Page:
Three-dimensional biomechanical modeling of vertebrae from radiographs
Templeton, Alistair Kiel
Liebschner, Michael A. K.
Doctor of Philosophy
Three-dimensional modeling has become an important tool for non-destructive evaluation of tissue for experimental and clinical uses. However, its range of applications is limited by its dependence on expensive imaging modalities. The current research explores ordinary radiographs as an alternative for three-dimensional modeling in several applications relating to vertebral fracture detection and treatment. An algebraic reconstruction algorithm was developed to replace CT in the construction of patient-specific vertebral finite element models for the evaluation of fracture risk in elderly individuals. CT-based models have shown far stronger specificity in detecting at-risk osteoporotic vertebrae than DEXA, but have not been adopted into the clinic because of equipment cost, limited reimbursement codes, radiation exposure, and expertise requirements. Our radiograph-based technique was able to replicate biomechanical predictions made from CT scans to within 7% error, providing an improved alternative to DEXA with less interaction required from the operator than traditional modeling. A similar algebraic technique was employed to investigate the internal changes in a vertebral body during compression to fracture. Because testing apparatus are not compatible with traditional 3-D imaging modalities, we evaluated regional changes in apparent density and deformation of the vertebral shell using periodic sets of 4 radiographs. Damage was observable in an internal area of high strain energy density, then propagated across the inferior endplate causing whole bone failure. Vertebroplasty is the most effective treatment of vertebral compression fractures. It is performed with a minimum of planning and evaluation primarily to avoid cement leakage. However, optimization is required to reduce the incidence of post-treatment adjacent vertebral fractures have. We have thus developed a method of reconstructing the bolus shape within the bone based on a series of images acquired with fluoroscopic radiography. The cement volume was calculated with a mean error of 8%, and the location and shape of the bolus were visualized in both two and three dimensions. Three-dimensional imaging modalities allow better visualization and diagnostics and can lead to more precise modeling and optimization of surgical procedures. The techniques presented in this thesis aim to make imaging more accessible and broaden the associated range of applications.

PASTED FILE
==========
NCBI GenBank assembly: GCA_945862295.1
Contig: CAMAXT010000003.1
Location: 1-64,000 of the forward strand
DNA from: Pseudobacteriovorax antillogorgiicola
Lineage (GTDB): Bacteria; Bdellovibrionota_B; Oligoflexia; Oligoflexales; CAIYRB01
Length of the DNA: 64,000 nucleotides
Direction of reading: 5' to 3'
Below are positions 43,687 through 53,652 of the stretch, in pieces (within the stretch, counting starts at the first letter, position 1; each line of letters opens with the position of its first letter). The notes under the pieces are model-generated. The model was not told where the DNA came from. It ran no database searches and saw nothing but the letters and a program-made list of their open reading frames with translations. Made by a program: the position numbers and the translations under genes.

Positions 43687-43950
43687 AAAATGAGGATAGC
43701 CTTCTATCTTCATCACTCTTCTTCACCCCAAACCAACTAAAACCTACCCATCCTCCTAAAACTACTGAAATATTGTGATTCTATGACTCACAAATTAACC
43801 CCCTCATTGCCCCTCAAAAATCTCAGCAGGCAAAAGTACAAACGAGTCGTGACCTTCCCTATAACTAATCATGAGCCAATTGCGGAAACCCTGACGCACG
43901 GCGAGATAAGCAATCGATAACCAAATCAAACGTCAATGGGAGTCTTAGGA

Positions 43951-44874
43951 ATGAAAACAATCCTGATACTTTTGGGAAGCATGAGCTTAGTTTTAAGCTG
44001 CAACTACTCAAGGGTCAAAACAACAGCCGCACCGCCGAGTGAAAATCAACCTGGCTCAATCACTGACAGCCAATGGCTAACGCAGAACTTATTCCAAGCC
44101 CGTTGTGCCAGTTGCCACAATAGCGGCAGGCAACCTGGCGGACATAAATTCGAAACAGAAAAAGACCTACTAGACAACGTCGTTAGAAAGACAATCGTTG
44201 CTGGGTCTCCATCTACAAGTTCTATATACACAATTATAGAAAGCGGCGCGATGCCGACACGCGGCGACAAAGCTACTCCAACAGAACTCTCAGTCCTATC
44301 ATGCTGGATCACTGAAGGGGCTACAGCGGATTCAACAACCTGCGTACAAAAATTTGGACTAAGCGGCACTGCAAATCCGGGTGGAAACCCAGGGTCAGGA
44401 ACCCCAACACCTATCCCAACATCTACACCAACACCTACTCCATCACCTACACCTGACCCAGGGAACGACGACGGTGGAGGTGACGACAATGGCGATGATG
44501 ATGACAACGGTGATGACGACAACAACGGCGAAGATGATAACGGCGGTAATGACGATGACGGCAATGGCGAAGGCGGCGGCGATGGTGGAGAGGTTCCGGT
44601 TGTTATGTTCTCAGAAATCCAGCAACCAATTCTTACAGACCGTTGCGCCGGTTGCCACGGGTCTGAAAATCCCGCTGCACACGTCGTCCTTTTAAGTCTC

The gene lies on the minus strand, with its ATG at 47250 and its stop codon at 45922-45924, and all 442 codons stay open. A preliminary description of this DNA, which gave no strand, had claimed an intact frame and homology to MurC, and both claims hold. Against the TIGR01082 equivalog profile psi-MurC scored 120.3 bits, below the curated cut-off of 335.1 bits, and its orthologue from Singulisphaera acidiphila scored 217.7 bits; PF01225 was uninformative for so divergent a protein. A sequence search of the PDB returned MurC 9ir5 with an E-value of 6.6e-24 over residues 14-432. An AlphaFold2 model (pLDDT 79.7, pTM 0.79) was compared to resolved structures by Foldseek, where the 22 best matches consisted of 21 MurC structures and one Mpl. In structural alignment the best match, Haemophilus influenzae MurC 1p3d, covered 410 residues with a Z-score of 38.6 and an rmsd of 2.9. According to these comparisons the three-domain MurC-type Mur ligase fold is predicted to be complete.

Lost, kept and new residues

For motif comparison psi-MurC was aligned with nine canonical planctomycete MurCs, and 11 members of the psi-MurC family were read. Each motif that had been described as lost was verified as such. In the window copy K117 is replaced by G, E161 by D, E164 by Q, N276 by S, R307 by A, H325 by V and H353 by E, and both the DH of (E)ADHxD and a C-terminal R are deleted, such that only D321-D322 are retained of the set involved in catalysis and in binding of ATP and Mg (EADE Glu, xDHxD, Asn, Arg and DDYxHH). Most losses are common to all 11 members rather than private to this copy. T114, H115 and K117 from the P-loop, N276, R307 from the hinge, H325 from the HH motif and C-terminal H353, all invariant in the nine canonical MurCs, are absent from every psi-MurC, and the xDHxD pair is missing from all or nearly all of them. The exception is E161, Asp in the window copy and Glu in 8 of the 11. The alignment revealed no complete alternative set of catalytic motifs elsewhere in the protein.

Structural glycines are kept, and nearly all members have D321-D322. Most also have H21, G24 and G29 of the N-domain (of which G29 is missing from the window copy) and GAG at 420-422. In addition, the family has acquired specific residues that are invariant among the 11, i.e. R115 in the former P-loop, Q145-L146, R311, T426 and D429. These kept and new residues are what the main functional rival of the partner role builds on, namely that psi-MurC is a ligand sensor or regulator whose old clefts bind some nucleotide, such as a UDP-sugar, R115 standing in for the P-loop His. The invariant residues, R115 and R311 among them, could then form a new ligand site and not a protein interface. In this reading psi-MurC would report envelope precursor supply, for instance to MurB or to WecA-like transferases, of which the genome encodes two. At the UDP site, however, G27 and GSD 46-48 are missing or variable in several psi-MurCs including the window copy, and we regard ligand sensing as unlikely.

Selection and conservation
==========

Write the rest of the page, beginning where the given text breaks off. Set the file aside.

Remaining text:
Biomedical engineering; Radiology